Monday 22 January 2018

US plans strike on Syria over gas attack

Syria's President Bashar al-Assad
Syria's President Bashar al-Assad
A young boy injured in a blast in the Lebanese city of Tripoli
A Free Syrian Army fighter rests in Aleppo
US President Barack Obama

THE US and Britain are planning to launch military action against Syria within days in response to the gas attack believed to have been carried out by President Bashar al-Assad's forces against his own people.

Royal Navy vessels are being readied to take part in a possible series of cruise missile strikes, alongside the US, as military commanders finalise a list of potential targets.

British government sources said talks between Prime Minister David Cameron and international leaders, including President Barack Obama, would continue but that any military action that was agreed could begin within the next week.

As the preparations gathered pace, William Hague, Britain's foreign secretary, warned that the world could not stand by and allow the Assad regime to use chemical weapons against the Syrian people "with impunity".

"Britain, the US and their allies must show Mr Assad that to perpetrate such an atrocity is to cross a line and that the world will respond when that line is crossed," he said.

British forces now look likely to be drawn into an intervention in the Syrian crisis after months of deliberation and international disagreement over how to respond to the long and bloody civil war.

The escalation comes as a direct response to what the government is now convinced was a gas attack perpetrated by Syrian forces on a civilian district of Damascus last Wednesday.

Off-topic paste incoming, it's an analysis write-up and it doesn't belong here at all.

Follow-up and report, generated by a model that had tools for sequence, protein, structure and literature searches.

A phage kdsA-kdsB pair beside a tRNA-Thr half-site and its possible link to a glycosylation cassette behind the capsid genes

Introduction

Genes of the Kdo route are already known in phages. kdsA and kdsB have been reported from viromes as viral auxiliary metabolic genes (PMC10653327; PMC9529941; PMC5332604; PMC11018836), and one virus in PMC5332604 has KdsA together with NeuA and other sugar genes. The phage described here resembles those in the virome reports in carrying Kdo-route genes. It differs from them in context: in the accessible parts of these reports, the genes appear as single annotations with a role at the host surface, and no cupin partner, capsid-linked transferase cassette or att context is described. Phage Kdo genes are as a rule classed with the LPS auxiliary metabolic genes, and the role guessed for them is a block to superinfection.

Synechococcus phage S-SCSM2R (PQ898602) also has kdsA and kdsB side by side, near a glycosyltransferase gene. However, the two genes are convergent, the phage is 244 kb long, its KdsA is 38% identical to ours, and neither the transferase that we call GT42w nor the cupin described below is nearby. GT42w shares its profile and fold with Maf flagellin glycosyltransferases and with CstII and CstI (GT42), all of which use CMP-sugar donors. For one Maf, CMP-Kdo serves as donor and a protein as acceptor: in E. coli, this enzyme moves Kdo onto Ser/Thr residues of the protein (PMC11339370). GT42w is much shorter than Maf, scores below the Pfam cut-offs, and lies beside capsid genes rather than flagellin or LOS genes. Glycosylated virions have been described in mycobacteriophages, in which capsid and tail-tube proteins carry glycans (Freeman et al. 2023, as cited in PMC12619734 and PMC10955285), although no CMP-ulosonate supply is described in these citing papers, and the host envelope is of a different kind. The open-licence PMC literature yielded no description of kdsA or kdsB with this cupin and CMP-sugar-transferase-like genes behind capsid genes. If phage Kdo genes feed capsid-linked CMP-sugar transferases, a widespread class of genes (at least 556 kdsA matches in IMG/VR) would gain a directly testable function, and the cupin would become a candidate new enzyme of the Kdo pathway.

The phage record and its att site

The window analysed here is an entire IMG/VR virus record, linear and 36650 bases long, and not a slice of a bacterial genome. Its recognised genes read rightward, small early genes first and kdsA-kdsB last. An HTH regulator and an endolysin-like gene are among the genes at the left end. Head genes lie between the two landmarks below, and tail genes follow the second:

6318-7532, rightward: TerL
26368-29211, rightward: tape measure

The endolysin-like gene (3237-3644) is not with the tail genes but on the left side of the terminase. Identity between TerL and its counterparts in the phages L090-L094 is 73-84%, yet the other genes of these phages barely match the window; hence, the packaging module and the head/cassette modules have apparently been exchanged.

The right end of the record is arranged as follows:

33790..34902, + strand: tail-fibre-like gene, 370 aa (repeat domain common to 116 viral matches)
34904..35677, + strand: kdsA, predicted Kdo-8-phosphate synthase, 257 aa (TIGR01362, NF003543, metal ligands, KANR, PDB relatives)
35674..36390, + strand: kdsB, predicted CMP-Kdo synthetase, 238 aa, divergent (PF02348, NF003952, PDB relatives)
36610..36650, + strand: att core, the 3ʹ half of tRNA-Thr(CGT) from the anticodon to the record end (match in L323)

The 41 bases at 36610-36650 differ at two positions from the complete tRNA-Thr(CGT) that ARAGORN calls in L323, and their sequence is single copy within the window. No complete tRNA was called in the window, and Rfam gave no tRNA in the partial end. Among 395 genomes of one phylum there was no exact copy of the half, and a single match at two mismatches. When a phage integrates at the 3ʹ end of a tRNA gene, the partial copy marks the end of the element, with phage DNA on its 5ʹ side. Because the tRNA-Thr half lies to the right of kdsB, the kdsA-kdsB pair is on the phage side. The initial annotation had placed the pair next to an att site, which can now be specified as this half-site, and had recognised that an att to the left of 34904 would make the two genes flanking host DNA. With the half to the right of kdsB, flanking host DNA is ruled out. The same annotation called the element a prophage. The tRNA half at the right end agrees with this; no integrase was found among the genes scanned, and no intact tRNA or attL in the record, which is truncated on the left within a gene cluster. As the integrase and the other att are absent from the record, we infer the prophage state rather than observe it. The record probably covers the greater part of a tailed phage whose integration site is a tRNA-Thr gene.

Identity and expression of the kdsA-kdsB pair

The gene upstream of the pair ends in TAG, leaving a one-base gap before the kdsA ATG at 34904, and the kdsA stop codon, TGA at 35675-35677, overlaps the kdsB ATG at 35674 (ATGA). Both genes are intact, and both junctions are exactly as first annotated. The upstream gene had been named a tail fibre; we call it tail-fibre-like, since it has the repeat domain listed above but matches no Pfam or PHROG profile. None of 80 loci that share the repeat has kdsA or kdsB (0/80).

The Assad regime has been under mounting pressure to allow United Nations inspectors on to the site.

One international agency said it had counted at least 355 people dead and 3,600 injured following the attack, while reports suggested the true death toll could be as high as 1,300.

Syrian state media accused rebel forces of using chemical agents, saying some government soldiers had suffocated as a result during fighting.

After days of delay, the Syrian government finally offered yesterday to allow a team of UN inspectors access to the area. However, Mr Hague suggested that this offer of access five days after the attack had come too late.


"We cannot in the 21st Century allow the idea that chemical weapons can be used with impunity, that people can be killed in this way and that there are no consequences for it," he said.

Mr Hague said all the evidence "points in one direction", to the use of illegal chemical agents by Assad regime forces.

A government source added that even if UN inspectors visited the site of the attack, "we would need convincing by the UN team that this was not the regime's attack because we believe everything points to the fact that it was".

Officials said the Assad regime has continued bombarding the area in the days since the attack took place last Wednesday, making it likely that any evidence, which could establish who was responsible, will have been destroyed.

Mr Cameron interrupted his holiday in Cornwall for talks with Mr Obama, Francois Hollande, the French president, and Angela Merkel, the German chancellor. All the leaders agreed on the need for a "serious response". Government sources confirmed that military action was among the options "on the table" but said no decisions had been taken.

Any retaliatory attack would be likely to be launched from the sea. A Royal Navy nuclear-powered submarine is said to be in the region while a number of warships recently left Britain for exercises in the Mediterranean.

If military action is approved, the first wave of missiles could start within a week.

The Royal Navy declined to comment on the positions of its submarines, but they regularly pass through the area on their way to the Suez Canal.

America's Sixth Fleet has four guided missile destroyers in the area. (© Daily Telegraph, London)

By Tim Ross  and Ben Farmer

Irish Independent

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